1950: The Featherbed frame, designed in Belfast by the McCandless brothers, is used on the works racers. Innovative and ahead of its time, it rendered all else obsolete and became the standard of comparison for all other frames for many years to come. The construction material was lightweight yet strong and durable Reynolds 531. The original version of this frame had the rear sub-frame bolted on.
1950: New frame is a success at the 1950 TT, taking its rider Duke to a record breaking Senior win and Bell to victory in the Junior. In both the Senior and Junior races, Norton bikes finished 1st, second, and third.
1952: Norton wins both Senior (Ulsterman Reg Armstrong riding - beating out a 4 cylinder Augusta) and Junior TT races. Norton once again won both Senior and Junior TT races.
1952: Norton rider Geoff Duke is world champion in both the 350cc and 500cc classes and is awarded the OBE for his services to motorcycling.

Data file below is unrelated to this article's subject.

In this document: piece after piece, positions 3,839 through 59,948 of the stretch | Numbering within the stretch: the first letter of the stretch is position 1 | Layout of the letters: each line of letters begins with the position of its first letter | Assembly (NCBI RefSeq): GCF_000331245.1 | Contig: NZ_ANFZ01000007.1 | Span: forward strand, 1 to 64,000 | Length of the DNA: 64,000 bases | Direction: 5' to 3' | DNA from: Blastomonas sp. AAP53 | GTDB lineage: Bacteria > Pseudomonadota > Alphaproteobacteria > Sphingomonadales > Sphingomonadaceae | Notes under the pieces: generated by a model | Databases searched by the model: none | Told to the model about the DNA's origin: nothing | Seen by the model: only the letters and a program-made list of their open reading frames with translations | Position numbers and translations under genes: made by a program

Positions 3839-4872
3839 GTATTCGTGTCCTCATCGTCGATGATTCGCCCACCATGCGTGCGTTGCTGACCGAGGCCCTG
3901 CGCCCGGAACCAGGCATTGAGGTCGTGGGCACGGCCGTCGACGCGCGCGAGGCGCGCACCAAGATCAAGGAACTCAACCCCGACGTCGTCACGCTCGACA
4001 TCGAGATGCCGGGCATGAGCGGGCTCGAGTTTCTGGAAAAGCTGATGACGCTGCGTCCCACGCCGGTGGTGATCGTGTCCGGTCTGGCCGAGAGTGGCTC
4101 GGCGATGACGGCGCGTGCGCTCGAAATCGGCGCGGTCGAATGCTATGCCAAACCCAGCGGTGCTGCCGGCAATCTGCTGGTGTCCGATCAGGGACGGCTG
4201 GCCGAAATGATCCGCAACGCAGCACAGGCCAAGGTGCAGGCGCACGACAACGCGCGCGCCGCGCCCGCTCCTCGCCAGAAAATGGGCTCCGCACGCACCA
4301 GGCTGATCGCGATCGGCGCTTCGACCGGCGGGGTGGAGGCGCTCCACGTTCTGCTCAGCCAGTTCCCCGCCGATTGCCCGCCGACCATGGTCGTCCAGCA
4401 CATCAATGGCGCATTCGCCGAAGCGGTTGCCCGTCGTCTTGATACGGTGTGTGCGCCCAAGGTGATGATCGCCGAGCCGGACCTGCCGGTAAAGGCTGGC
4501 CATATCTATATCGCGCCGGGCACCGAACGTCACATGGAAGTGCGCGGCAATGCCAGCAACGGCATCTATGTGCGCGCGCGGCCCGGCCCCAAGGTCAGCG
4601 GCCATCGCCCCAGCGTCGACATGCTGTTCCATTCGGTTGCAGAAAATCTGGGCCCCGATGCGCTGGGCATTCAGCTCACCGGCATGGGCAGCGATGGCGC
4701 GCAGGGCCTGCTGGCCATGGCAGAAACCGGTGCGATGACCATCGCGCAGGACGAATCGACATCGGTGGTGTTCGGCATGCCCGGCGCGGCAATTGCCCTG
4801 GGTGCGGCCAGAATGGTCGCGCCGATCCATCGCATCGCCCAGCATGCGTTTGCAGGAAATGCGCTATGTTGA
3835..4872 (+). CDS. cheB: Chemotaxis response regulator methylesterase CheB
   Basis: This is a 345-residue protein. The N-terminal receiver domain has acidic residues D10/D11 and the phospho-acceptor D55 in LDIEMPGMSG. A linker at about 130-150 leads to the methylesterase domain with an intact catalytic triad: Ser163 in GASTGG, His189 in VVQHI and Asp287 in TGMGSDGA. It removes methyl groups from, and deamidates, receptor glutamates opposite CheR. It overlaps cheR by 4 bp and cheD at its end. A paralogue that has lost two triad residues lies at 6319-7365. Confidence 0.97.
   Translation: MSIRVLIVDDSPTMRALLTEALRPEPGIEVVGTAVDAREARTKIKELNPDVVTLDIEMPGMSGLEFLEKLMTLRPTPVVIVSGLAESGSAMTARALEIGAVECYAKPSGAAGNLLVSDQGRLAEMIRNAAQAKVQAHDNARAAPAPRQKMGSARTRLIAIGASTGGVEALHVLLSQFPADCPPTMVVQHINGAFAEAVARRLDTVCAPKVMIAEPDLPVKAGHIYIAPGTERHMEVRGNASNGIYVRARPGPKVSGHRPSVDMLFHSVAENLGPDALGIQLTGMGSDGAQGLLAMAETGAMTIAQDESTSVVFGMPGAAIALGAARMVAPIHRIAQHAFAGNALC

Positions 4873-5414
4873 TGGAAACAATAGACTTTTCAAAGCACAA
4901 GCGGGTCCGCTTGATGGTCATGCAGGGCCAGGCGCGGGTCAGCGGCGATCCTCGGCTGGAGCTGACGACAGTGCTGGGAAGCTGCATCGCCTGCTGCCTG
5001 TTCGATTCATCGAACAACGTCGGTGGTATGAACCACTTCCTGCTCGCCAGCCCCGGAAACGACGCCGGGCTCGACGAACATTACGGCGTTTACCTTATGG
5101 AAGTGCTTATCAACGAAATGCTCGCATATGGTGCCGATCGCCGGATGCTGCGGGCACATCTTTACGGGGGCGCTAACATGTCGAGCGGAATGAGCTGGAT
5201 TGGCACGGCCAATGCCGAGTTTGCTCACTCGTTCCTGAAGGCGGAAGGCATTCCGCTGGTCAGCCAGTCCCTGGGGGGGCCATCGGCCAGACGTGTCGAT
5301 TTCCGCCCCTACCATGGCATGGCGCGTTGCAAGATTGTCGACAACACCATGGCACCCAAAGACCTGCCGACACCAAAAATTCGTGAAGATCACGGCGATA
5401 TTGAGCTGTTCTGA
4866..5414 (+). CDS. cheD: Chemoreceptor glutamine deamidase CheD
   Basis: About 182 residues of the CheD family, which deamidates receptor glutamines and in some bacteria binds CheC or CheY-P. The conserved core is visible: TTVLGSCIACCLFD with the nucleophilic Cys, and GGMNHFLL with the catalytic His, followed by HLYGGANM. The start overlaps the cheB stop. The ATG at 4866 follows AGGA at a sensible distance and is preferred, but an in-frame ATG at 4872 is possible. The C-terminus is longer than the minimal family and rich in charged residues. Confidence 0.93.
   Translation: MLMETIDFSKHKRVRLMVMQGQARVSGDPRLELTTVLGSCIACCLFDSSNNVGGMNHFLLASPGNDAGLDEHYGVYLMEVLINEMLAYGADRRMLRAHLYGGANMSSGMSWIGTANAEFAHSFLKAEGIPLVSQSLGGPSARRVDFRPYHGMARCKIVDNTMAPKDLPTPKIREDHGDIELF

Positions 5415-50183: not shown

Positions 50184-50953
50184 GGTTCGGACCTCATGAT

1953: Ray Amm, a very hard and fearless rider from Rhodesia, is left standing as the number one Norton rider, and goes to TT double in that year. He is also the rider of the experimental 'flying fish' kneeler in the North West 200 but retired after just three laps. (He would later ride this machine to a one hour record of 133.71mph; this would also mark the last time it was to be held by a British machine.)
1960: Norton s still are tops in racing. The leading riders on British short circuits are Mike Hailwood, Phil Read and Derek Minter, and they all are on Norton s.
1964: All models now have wider roadholder forks to allow for fitting of a wider tire on machines destined for the U.S. market.
1966: Development of the Commando begins! Norton Villiers decides that they needed to spruce things up and they'd start by replacing the ageing Featherbed framed machines. The 800cc OHC P10 prototype is reassessed for suitability but due to its vibration and poor performance potential it is rejected. The chain drive to the camshafts is almost as long as a final drive chain.